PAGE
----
Minerals are a key component of complete nutrition your child needs to continue growing and developing. They play a part in so many things, from how your child sleeps to how strong they are. In today's post, we'll talk about five of the most important minerals your child needs and how to be sure they're getting enough.
Which Minerals Are Essential?
Minerals are substances found in the foods we consume that have numerous roles within the body, ranging from building tissues like the bones and teeth to helping the central nervous system operate properly. There are many minerals, some that you need more of, known as macrominerals, and some you don't need as much of, known as trace minerals. These five key minerals children need to help them grow and develop properly and remain healthy:
- Calcium -- Helps the bones develop properly and stay strong, as well as the teeth.
- Magnesium -- Also needed for tissue health as well as the function of the central nervous system.
- Potassium -- Maintains ideal fluid balance within the body, allowing the muscles to contract and relax as they should.
- Iron -- Supports proper circulation of oxygen-rich blood throughout the body.
- Zinc -- Strengthens the immune system to fight off infection while promoting wound healing.
How to Make Sure Your Child Gets Enough Minerals
Knowing the recommended daily dosage for each essential mineral can help you determine what your child needs (Keep in mind, once they become teenagers, the amount will change as well.). Here are the recommendations from the Office of Dietary Supplements at the National Institutes of Health, based on age:
- Zero to six months: 200 mg
- Seven to 12 months: 260 mg
- One to three years: 700 mg
- Four to eight years: 1,000 mg
- Nine to 13 years: 1,300 mg
- Zero to six months: 30 mg
- Seven to 12 months: 75 mg
- One to three years: 80 mg
- Four to eight years: 130 mg
- Nine to 13 years: 240 mg
- Zero to six months: 400 mg
- Seven to 12 months: 700 mg
- One to three years: 3,000 mg
- Four to eight years: 3,800 mg
- Nine to 13 years: 4,500 mg
- Zero to six months: 0.27 mg
- Seven to 12 months: 11 mg
- One to three years: 7 mg
- Four to eight years: 10 mg
- Nine to 13 years: 8 mg
- Zero to six months: 2 mg
- Seven to 12 months: 3 mg
- One to three years: 3 mg
- Four to eight years: 5 mg
- Nine to 13 years: 8 mg
The first way to make sure they're getting adequate minerals is through their diet. Here are some of the best food sources for each essential mineral:
- Calcium -- Dark green, leafy vegetables, dairy and fortified foods.
- Magnesium -- Corn, whole grains, legumes and dairy.
- Potassium -- Bananas, legumes, spinach and citrus.
- Iron -- Dark green, leafy vegetables, meat, eggs and beans.
- Zinc -- Meat, beans and nuts.
Beyond diet, your child can take a daily multivitamin, which should also contain these essential minerals. Make sure to check the label to be sure they're included. But what if they still need more?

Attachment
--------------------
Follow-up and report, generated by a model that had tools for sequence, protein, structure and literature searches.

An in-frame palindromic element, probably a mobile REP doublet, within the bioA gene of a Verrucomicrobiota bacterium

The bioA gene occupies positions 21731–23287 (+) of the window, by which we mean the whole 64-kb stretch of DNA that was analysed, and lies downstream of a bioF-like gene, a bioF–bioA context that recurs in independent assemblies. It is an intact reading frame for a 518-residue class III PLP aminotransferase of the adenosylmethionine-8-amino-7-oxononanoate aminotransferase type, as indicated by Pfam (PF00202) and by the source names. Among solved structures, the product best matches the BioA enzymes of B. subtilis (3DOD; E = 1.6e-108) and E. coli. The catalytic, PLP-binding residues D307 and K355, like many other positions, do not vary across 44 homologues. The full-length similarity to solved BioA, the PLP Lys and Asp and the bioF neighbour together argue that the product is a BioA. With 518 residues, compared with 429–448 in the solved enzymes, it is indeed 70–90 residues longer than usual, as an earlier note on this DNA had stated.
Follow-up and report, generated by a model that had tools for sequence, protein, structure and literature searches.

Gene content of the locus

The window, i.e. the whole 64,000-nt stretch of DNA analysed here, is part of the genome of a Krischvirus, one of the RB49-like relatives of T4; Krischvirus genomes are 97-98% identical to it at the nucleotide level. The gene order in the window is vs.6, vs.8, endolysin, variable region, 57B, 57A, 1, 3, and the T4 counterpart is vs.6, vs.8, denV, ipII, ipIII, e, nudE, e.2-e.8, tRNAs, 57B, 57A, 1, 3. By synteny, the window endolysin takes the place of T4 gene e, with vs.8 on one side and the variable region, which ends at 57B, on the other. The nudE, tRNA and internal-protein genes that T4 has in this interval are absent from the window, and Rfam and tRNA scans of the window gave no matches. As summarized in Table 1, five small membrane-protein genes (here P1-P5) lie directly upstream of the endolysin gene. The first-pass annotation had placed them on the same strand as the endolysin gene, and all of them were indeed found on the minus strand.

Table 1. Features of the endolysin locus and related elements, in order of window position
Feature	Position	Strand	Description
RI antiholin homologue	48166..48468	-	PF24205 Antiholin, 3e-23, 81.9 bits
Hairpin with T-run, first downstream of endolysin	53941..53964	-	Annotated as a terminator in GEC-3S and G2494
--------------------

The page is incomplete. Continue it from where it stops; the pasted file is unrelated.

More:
Using Mineral Supplements Safely
Most children who consume a balanced diet won't become at risk for mineral deficiency. But, it can happen. So, what causes mineral deficiency in children? The main reason is a poor diet, but children who have a restricted diet for one reason or another or have a medical condition that results in poor absorption of minerals from the food they eat can be at risk for deficiency.
Your child's doctor can determine through their routine exam and blood work if your child is lacking in any minerals. If so, they may recommend your child take a mineral supplement for a set amount of time. It's key to follow instructions carefully especially for the exact dosage of the mineral supplement and the duration of treatment. Iron, in particular, can be toxic to children under the age of six in too high a dosage. Your child's doctor will then continue to monitor them while they take the supplement to make sure everything is going smoothly.
Should you need a mineral supplement for your child, you can find a variety of products at eVitamins. Stay well.
eVitamins recommends that you do not rely on the information presented in this article as diagnosis for treatment to any health claim. Content and information on this site is for reference purposes and is not intended to substitute for advice given by a physician, pharmacist, or other licensed health-care professional. You should not use this information as self-diagnosis or for treating a health problem or disease. Contact your health-care provider immediately if you suspect that you have a medical problem. The information and statements in this article have not been evaluated by the US Food and Drug Administration and are not intended to diagnose, treat, cure, or prevent any disease or health condition. eVitamins assumes no liability for inaccuracies or misstatements.